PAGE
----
World Hepatitis Day is commemorated on July 28 every year. The date was selected to honor the birthday of the Nobel Laureate Professor Baruch Blumberg, who discovered the hepatitis B virus.
The aim on this day is to increase awareness and understanding of viral hepatitis as a major global health threat. The World Health Organization estimates that nearly 400 million people have chronic viral hepatitis worldwide and more than 1.4 million people die annually from causes related to viral hepatitis, namely cirrhosis and liver cancer.
This year, World Hepatitis Day focuses on preventing viral hepatitis. Each day, 4,000 lives are lost to hepatitis. Yet, most of these deaths can be prevented. For hepatitis A and B, there are available vaccines to prevent infection. Three dose of hepatitis B vaccine will offer more than 90 percent protection.
In New York City, approximately 100,000 people are chronically infected with hepatitis B. According to 2013 New York City Department of Health Hepatitis B and C Surveillance Report, “the highest rates of newly-reported cases are in the three neighborhoods with large Chinese populations, and 60% of newly-reported patients are of Asian descent.” At our Charles B. Wang Community Health Center, our patients have a 25-times higher rate of chronic hepatitis B compared to the general U.S. population [1 in 8 persons (12.5%) is infected here, compared to 0.5% nationwide].
Because of this high disparity of chronic hepatitis B in our patient population, we strongly encourage all close household contacts and family members of infected individuals to get tested for hepatitis B. In 2014, about 1 in 5 (20.8%) of those we tested for hepatitis B were susceptible (1,411 susceptible/6,791 screened) and required immunization protect them from infection.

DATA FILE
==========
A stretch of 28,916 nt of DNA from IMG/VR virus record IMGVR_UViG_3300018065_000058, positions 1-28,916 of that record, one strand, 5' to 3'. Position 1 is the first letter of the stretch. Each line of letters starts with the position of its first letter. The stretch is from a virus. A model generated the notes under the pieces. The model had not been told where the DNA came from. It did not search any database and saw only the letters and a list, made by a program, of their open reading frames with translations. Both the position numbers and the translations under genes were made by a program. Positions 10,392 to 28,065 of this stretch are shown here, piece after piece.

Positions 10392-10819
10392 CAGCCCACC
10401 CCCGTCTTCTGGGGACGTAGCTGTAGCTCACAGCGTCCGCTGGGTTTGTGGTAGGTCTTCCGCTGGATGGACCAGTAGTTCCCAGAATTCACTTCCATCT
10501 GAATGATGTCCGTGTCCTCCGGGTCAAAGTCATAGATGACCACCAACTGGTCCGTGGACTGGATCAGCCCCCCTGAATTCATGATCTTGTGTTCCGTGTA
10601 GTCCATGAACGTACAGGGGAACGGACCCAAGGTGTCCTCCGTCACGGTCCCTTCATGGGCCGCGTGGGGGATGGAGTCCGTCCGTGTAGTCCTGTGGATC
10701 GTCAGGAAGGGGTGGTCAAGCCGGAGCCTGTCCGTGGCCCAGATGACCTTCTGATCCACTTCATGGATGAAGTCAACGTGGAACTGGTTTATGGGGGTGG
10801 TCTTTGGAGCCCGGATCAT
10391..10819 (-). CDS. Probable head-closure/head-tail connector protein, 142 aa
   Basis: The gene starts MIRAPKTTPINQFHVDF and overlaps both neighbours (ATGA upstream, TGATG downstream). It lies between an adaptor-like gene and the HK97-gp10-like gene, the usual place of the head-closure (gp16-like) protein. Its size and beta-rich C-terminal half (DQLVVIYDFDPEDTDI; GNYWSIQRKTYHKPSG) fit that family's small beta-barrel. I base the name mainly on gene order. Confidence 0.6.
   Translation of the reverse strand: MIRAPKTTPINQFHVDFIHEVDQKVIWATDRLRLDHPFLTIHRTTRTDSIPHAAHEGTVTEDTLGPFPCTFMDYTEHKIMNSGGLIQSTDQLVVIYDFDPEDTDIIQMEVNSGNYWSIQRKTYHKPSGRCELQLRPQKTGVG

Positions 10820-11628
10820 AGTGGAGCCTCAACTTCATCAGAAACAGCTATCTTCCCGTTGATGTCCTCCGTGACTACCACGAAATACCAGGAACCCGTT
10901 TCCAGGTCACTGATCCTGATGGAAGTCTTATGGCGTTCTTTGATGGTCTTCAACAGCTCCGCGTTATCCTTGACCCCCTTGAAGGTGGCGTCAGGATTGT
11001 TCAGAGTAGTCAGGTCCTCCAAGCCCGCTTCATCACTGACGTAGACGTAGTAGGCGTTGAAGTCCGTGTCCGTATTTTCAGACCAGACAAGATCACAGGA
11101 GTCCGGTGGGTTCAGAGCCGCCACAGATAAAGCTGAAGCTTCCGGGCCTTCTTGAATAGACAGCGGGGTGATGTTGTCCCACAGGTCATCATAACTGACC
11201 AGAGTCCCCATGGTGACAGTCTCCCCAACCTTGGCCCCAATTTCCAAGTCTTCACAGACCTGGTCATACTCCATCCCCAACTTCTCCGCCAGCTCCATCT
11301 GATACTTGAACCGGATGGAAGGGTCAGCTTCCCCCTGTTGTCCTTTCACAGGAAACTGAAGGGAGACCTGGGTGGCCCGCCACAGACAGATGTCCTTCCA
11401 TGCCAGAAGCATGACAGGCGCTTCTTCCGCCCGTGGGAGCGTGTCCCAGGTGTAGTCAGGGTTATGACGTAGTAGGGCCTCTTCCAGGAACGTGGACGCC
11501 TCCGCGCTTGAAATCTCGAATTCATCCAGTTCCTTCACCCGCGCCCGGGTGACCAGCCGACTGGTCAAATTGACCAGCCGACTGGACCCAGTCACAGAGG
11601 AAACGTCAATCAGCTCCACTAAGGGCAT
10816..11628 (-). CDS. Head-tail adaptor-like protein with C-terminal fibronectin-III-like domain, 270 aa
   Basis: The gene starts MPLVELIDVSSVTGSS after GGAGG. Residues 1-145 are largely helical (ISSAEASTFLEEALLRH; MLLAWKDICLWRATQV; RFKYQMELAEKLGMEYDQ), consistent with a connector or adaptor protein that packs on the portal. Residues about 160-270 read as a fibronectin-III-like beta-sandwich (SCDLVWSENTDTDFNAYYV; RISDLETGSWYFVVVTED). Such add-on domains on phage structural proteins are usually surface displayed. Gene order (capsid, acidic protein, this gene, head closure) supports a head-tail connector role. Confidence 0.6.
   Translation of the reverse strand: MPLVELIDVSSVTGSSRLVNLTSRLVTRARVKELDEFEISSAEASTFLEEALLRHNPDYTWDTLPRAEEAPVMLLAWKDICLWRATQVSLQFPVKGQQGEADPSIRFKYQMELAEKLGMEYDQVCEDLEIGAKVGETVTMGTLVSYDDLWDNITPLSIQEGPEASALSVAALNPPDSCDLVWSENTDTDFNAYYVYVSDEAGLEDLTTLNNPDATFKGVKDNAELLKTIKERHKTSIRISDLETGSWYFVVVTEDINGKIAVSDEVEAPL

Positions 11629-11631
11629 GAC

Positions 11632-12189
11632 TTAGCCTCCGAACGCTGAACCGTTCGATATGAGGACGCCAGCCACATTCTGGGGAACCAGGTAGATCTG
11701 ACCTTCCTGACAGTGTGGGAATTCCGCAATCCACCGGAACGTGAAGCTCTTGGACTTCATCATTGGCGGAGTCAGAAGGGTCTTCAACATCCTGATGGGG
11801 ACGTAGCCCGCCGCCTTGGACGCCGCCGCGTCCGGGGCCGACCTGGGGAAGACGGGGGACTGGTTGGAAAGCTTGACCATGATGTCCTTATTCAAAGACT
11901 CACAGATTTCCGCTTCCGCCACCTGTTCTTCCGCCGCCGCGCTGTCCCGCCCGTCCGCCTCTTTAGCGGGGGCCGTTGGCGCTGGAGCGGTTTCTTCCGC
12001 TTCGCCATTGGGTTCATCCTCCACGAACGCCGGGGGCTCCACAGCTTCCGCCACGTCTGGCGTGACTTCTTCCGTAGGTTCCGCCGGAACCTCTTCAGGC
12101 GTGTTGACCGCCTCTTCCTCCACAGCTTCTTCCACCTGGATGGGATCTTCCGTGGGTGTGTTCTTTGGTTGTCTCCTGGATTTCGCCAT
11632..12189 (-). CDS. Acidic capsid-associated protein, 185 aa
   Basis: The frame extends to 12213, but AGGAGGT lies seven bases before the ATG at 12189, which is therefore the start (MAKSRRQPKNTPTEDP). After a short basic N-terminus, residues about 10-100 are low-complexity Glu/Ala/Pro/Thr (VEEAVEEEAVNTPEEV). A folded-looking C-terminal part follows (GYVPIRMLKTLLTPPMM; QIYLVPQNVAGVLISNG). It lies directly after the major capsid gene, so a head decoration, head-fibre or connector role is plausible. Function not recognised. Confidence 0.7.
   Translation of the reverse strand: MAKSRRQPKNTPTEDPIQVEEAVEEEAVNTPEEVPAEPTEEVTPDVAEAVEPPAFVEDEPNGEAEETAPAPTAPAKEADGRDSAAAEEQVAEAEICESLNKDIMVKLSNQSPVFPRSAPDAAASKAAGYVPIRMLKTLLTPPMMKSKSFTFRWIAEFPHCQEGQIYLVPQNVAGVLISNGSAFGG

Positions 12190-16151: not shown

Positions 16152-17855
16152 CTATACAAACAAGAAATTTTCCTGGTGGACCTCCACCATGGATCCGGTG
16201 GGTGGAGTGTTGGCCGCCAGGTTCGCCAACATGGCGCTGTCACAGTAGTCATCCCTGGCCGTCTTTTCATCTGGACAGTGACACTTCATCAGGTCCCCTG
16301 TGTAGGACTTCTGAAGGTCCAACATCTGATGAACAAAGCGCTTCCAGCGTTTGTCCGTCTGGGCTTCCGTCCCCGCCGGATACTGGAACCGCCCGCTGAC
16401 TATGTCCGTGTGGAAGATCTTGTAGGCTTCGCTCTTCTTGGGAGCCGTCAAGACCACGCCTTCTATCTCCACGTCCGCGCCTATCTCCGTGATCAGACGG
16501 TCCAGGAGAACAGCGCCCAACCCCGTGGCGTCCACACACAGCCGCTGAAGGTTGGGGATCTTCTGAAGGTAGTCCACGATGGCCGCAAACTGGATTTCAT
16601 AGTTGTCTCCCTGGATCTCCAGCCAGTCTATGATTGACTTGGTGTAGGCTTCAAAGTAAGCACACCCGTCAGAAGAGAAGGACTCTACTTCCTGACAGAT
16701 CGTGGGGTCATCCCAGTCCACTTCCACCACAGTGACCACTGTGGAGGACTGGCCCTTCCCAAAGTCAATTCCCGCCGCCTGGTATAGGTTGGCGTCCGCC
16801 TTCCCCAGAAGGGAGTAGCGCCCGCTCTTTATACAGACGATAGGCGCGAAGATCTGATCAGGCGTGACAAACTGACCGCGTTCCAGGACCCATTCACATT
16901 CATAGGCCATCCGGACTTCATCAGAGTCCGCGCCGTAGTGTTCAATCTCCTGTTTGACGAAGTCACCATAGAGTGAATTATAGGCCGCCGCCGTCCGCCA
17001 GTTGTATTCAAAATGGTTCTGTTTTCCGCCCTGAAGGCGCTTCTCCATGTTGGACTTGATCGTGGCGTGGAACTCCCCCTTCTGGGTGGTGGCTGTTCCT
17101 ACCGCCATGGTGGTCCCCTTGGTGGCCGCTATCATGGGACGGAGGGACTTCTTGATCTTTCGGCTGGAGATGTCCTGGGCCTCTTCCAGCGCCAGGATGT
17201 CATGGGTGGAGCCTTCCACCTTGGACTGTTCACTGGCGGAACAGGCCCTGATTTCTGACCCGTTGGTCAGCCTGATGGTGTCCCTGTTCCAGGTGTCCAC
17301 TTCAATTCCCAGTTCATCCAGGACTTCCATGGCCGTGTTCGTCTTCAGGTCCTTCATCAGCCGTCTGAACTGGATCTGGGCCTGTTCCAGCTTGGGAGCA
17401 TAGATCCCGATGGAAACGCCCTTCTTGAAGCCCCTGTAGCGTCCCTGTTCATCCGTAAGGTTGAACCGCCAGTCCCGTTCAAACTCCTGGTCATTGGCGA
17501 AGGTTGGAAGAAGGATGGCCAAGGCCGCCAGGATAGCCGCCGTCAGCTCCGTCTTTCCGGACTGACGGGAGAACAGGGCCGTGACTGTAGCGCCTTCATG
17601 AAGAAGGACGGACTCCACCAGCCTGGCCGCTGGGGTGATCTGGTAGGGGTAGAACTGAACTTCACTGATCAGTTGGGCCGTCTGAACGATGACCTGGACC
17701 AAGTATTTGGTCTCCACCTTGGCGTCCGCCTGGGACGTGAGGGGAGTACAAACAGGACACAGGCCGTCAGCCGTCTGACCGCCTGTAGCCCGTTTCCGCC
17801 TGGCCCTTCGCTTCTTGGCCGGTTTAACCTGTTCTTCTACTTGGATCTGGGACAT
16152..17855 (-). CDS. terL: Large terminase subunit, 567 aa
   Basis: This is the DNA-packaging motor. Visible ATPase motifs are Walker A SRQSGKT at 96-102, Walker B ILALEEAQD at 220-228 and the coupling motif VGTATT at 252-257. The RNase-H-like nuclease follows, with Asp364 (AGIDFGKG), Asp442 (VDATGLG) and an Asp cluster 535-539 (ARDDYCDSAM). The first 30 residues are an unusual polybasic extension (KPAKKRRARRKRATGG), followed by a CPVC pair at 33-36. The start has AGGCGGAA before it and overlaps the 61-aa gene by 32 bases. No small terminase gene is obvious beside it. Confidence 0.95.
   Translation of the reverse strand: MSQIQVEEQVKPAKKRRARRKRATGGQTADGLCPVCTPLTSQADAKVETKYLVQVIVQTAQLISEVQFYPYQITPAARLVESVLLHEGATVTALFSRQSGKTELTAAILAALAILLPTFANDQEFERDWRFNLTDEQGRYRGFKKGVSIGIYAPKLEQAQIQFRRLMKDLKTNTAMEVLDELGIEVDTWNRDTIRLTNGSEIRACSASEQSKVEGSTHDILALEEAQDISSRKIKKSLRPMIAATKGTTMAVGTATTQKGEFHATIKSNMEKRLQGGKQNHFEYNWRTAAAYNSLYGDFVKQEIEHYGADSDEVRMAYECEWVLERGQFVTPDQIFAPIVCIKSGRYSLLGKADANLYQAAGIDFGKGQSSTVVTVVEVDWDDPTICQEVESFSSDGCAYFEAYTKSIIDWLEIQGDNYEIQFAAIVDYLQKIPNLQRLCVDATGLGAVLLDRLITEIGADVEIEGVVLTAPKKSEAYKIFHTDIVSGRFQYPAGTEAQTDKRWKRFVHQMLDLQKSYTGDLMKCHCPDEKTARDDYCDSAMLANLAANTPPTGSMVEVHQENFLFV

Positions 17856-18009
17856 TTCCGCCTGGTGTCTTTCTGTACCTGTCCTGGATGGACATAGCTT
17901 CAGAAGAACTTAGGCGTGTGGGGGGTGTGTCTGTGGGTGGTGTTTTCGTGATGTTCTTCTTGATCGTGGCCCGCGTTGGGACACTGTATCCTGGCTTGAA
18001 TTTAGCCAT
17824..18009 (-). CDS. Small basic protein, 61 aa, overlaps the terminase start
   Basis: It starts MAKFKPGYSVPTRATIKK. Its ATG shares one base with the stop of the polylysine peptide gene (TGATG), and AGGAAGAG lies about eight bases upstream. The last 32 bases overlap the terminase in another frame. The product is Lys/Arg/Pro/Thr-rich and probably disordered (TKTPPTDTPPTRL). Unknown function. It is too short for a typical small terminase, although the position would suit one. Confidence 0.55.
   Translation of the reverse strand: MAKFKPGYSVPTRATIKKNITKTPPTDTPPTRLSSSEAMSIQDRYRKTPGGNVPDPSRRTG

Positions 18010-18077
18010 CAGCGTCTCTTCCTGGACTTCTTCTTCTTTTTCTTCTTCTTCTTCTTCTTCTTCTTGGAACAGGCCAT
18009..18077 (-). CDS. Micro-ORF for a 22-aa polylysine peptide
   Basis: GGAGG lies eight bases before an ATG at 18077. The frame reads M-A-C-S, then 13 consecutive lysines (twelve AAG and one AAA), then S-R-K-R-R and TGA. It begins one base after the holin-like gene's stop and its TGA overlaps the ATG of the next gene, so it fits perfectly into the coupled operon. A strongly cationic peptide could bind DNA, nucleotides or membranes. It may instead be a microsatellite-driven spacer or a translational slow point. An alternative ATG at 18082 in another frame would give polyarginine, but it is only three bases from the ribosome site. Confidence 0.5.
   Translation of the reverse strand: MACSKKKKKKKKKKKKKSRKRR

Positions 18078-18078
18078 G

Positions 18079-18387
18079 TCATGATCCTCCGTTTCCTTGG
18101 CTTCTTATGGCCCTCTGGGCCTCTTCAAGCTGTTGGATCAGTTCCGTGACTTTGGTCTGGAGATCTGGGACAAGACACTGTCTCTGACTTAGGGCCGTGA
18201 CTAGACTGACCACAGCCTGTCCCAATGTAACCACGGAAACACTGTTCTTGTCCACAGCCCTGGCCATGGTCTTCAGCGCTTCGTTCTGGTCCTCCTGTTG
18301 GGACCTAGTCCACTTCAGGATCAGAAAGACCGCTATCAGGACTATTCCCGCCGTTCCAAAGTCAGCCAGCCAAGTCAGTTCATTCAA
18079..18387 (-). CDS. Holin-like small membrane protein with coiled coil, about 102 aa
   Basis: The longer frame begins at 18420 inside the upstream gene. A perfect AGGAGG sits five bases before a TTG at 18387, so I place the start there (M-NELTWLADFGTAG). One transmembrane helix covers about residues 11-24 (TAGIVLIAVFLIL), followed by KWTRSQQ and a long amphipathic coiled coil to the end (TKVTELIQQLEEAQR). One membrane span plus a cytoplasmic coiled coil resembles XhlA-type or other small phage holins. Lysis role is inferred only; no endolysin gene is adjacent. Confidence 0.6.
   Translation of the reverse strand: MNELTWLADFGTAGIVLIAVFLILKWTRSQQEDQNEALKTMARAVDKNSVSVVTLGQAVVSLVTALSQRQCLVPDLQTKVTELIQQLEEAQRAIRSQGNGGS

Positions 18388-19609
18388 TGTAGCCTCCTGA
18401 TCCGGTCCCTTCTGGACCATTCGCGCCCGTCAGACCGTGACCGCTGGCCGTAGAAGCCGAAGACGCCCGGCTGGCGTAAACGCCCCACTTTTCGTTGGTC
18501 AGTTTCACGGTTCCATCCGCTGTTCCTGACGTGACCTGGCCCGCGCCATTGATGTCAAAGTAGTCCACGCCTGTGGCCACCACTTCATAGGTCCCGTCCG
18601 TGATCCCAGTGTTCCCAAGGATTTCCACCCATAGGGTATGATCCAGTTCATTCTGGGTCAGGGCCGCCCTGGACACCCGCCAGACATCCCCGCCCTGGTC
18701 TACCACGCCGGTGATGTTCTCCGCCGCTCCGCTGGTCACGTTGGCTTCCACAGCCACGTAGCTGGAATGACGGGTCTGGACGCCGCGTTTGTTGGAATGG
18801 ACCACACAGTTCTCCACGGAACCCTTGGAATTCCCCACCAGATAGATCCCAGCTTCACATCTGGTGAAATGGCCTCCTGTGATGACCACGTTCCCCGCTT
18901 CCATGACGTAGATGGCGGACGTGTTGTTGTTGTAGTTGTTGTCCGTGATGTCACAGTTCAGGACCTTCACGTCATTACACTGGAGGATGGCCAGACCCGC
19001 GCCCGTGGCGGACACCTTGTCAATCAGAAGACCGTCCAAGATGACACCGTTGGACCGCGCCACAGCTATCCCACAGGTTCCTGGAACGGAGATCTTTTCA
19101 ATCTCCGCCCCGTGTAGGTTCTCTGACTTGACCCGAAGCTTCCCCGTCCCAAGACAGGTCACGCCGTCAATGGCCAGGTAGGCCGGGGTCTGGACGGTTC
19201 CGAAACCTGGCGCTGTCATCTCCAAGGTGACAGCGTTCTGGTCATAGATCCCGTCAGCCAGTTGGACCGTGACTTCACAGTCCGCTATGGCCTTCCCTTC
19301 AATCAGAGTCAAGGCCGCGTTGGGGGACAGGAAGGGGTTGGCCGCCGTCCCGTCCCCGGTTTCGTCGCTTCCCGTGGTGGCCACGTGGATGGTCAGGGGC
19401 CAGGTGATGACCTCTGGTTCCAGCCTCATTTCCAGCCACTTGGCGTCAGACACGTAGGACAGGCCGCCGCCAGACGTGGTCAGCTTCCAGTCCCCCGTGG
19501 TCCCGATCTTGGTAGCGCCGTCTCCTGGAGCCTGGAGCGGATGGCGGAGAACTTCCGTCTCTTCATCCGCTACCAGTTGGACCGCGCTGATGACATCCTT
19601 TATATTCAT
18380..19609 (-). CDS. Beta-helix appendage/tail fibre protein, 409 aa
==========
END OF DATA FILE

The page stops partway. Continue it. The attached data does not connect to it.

The New York City Department of Health and Mental Hygiene provides the health center with hepatitis B vaccines depending on available supply and need. However, this has to be renegotiated every year. Every year, it is uncertain if there will be allocated money and availability of hepatitis B vaccines. This allocation of funding is usually appropriated by the U.S. Centers for Disease Control and Prevention (CDC). In addition, hepatitis B vaccines are only available through the STD clinics in New York City.
We strongly encourage the CDC to designate appropriate funding annually for hepatitis B vaccines for those cities with a high percentage of individuals susceptible to hepatitis B, with a high risk of contracting hepatitis B, and to allow New York City to offer broader access to hepatitis B vaccination services (such as its tuberculosis clinics).
New York City has a high burden of hepatitis B. Our patients have a higher risk of becoming infected with hepatitis B and 20 percent of our patients have the opportunity to protect themselves from chronic hepatitis B infection through vaccination. Let us work together to eliminate hepatitis B from New York City. We can create a world without hepatitis.